– Archna Agarwal, President, RC Bilaspur Queens
Prerana Surana, project chair says, “Kosa silk occupies the pride of place in every Chhattisgarh home. Our love for handlooms has made the kosa silk cross the nation’s borders and it is highly sought after by designers worldwide.”
She adds, “All of us involved in this project believe that weaving is a great combination of creativity, focus, patience and concentration. It is much beyond making and selling, and the finished saree is really a product resulting from the labour of love.”
The club members were really moved by the fact that so many of the girls who weave these sarees expressed their desire to improve their lives and livelihoods through better education. “One girl said that I want to learn computers. Then there is a family with five daughters and they are really in need of our help. So I have given them the commitment that we will try to do a big project, maybe through a global grant, and if that comes through, we will help in the marriage of these girls… not only these girls but also other young women,” says Archna, a trained lawyer who also works in real estate.
She explains that as theirs is an all-women’s club, big funding from the members is not possible. Her husband, Arun Agarwal, a past president of RC Bilaspur Midtown, is a chartered accountant and she has personally donated ₹2 lakh for this project. The members also have plans to do a Covid vaccination camp for at least 1,000 people.
On why she became a Rotarian, she says that she was “always involved in Rotary and its activities and projects, first as a spouse and then as a Rotarian myself. I realise that god has given our family both talent and wealth… there is so much need and opportunity for service in our communities, so we should do whatever we can to help.”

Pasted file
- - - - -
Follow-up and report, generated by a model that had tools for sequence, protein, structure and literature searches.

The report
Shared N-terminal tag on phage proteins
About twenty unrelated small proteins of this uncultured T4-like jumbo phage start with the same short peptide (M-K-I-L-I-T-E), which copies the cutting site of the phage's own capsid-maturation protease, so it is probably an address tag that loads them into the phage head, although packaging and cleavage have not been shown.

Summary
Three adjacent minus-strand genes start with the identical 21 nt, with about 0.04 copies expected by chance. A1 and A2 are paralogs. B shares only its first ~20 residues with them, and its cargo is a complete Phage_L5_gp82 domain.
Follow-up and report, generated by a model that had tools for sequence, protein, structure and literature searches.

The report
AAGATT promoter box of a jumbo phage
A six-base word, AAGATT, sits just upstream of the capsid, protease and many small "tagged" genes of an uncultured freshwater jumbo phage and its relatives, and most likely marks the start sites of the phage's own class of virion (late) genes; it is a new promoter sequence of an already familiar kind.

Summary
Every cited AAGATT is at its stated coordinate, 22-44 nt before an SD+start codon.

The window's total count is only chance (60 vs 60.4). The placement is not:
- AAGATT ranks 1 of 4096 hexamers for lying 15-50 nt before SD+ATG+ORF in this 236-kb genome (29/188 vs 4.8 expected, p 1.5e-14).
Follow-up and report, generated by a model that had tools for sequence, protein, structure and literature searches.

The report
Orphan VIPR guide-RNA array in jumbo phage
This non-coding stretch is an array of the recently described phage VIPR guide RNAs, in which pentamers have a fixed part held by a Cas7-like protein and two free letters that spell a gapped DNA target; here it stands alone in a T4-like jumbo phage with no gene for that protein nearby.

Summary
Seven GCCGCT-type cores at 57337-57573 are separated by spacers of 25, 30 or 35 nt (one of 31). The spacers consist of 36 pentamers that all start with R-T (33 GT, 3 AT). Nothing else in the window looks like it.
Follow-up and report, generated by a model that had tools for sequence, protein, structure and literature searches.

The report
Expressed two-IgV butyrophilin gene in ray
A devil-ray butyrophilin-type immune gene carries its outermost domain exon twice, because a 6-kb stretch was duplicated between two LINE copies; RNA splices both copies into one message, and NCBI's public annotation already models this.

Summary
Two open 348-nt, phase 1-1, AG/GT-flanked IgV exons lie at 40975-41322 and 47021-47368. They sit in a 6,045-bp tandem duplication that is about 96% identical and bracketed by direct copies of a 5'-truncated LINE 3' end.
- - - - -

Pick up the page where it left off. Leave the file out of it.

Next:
When I compliment her on the rather poetic name for the project title, Archna beams and says that while brainstorming on this aspect, “we felt as all the dreams of these women are related to weaving, this would be an appropriate title.”
On the road ahead, Prerana says that the club members are now creating an online platform for these women to help them market their ware at a better price. “We will set up a website called www.sapnokedhaage.com; our plans also include three centres in three villages, including Churi and Shivni, and as the girls want digital literacy, we will put five computers in each centre, apart from sewing and embroidery machines. Classes will be organised in tailoring and embroidery so that they can increase their product line and get more income.” A crafts mela or exhibition is also being planned to market these sarees.
Adds Archna, “We will hire a tutor to give them digital literacy, hold adult literacy classes through the TEACH component of RILM, and also give basic education to their children, so that they don’t lose hope in their future.”
We believe that weaving is a great combination of creativity, focus, patience and concentration. It is much beyond making and selling, and the finished saree is really a product resulting from the labour of love.
– Prerana Surana, Project Chair
The club also has plans to establish a small financial entity from which loans for tiny self-enterprises can be given to the women. “We have so many plans and want to apply for a ₹20–30 lakh global grant to improve the lives of these families, and empower the women.”
The inspiration to make this a “bigger and bolder project” came from RI President Mehta, when he inaugurated it on the National Handloom Day in August, with Rashi Mehta, RID Mahesh Kotbagi, RI Membership Committee chair Kamal Sanghvi and DG Sunil Phatak (RID 3261) and PDG and Member of Parliament Vivek Tankha, adds Archna.